Long before the Pegasus turns up in a raven hue, the new remake of 1981’s Clash of the Titans is evidently a horse of a different color: darker, that is. Desmond Davis’ original was mostly a sunny affair, which made the shadows-and-hellfire showdown between demigod Perseus and snake-haired Medusa all the more striking, especially as animated under the aegis of special effects maestro Ray Harryhausen. It’s a mark of the remake’s failure that the same showdown is one of the film’s most notably disappointing scenes, rendering the Medusa in the film’s least artful, most weightless CGI (the blah, afterthought 3D is no help). Remake director Louis Leterrier (The Incredible Hulk) has let the darkness spread through the narrative, and mostly bled out what fun there was to be had.
It’s a gamble that could have paid off with a sharper script, but let’s face it: the three screenwriters involved haven’t changed the original that much: Clash of the Titans is still pretty dimwitted and incoherent. The difference now is that it’s lost its camp appeal. Leading man Sam Worthington (Avatar) exacerbates the film’s downbeat tone: as Perseus, Worthington remains a credible but basically charisma-free actor. He has one speed: smolder (okay, two: smolder and sneer) and his humorlessness makes one long for the days when Harrison Ford and Bruce Willis ruled the roost.
The broadest strokes of this ancient-times fantasy remain the same, but call it a loose remake: several characters have been added (including Zeus’ jealous brother Hades, played by Ralph Fiennes, and a Legion that seems to have wandered in from 300) and others subtracted (Burgess Meredith’s likably dotty Ammon). The gargantuan sea beast that is the Kraken is still the eleventh-hour showstopper, after a parade of famous monsters of filmland that includes ogre-ish Calibos (Jason Flemyng), giant scorpions, the Stygian witches and Medusa.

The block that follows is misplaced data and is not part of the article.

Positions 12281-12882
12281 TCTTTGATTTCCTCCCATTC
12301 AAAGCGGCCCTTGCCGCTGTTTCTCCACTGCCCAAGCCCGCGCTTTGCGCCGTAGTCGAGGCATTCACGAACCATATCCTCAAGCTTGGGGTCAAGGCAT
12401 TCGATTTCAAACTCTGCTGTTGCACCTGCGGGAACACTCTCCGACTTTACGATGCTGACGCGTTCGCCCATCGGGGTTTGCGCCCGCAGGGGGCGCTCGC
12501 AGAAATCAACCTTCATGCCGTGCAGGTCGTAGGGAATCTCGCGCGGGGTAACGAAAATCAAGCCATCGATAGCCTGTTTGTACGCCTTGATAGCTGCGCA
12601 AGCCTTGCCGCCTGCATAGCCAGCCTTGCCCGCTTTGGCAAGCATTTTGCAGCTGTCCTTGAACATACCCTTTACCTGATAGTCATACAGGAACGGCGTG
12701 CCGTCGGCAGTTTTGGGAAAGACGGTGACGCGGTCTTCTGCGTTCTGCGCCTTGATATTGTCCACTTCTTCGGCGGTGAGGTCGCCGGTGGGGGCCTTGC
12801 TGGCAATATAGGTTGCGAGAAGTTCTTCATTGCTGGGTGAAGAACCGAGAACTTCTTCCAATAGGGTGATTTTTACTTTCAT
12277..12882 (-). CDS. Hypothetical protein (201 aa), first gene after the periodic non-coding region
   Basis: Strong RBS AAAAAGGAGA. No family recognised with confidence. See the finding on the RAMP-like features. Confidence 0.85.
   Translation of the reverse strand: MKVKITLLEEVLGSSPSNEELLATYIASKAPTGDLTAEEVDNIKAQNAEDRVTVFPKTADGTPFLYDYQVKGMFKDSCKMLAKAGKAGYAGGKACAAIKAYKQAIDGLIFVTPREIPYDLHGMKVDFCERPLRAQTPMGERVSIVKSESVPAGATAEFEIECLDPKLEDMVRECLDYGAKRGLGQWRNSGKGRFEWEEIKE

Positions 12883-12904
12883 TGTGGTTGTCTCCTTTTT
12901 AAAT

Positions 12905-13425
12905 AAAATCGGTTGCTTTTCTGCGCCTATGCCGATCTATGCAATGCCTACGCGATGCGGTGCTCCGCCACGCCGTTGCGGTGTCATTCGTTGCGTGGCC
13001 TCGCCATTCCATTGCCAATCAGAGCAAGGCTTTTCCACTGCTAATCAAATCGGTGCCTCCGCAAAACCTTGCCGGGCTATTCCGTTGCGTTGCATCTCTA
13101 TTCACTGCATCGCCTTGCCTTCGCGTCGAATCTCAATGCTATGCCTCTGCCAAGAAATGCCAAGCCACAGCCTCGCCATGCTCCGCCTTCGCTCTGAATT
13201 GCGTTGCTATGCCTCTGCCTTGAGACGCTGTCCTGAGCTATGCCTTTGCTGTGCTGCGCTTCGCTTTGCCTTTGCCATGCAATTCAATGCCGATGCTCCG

The remake emphasizes the notion of man going to war with the gods, touching on the philosophical notion that the gods need human worship to thrive and, perhaps, survive. But this provocative idea is quickly lost to muddy motivations (Zeus was always a flip-flopper, but just try to follow his train of thought here) and tiresome action that suffers from a lack of audience identification in a hero who sorta wants to save the day, as long as it doesn’t mean taking any favors from Dad.
Principally, Perseus craves revenge against Hades. This puts him only slightly further up the evolutionary scale than the Sodom-and-Gomorrah-style mouth-breathers of Argos, a port town scheduled for heavenly demolition unless they feed their Princess Andromeda (Alexa Davalos) to the Kraken (or as Fiennes, amusingly on his own trip, calls it, “the krah-ken”).
This Clash of the Titans does have a couple of saving graces. Liam Cunningham as Legion leader Solon is the film’s unlikely but highly skilled comic relief, and the depiction of mystical Io (Gemma Arterton) harkens back to Homer’s earthbound encounters between men and gods. And if all you’re really after is seeing Liam Neeson’s Zeus, in gleaming white Olympian armor, stare down the camera and intone, “Release the Kraken!” do I have good news for you.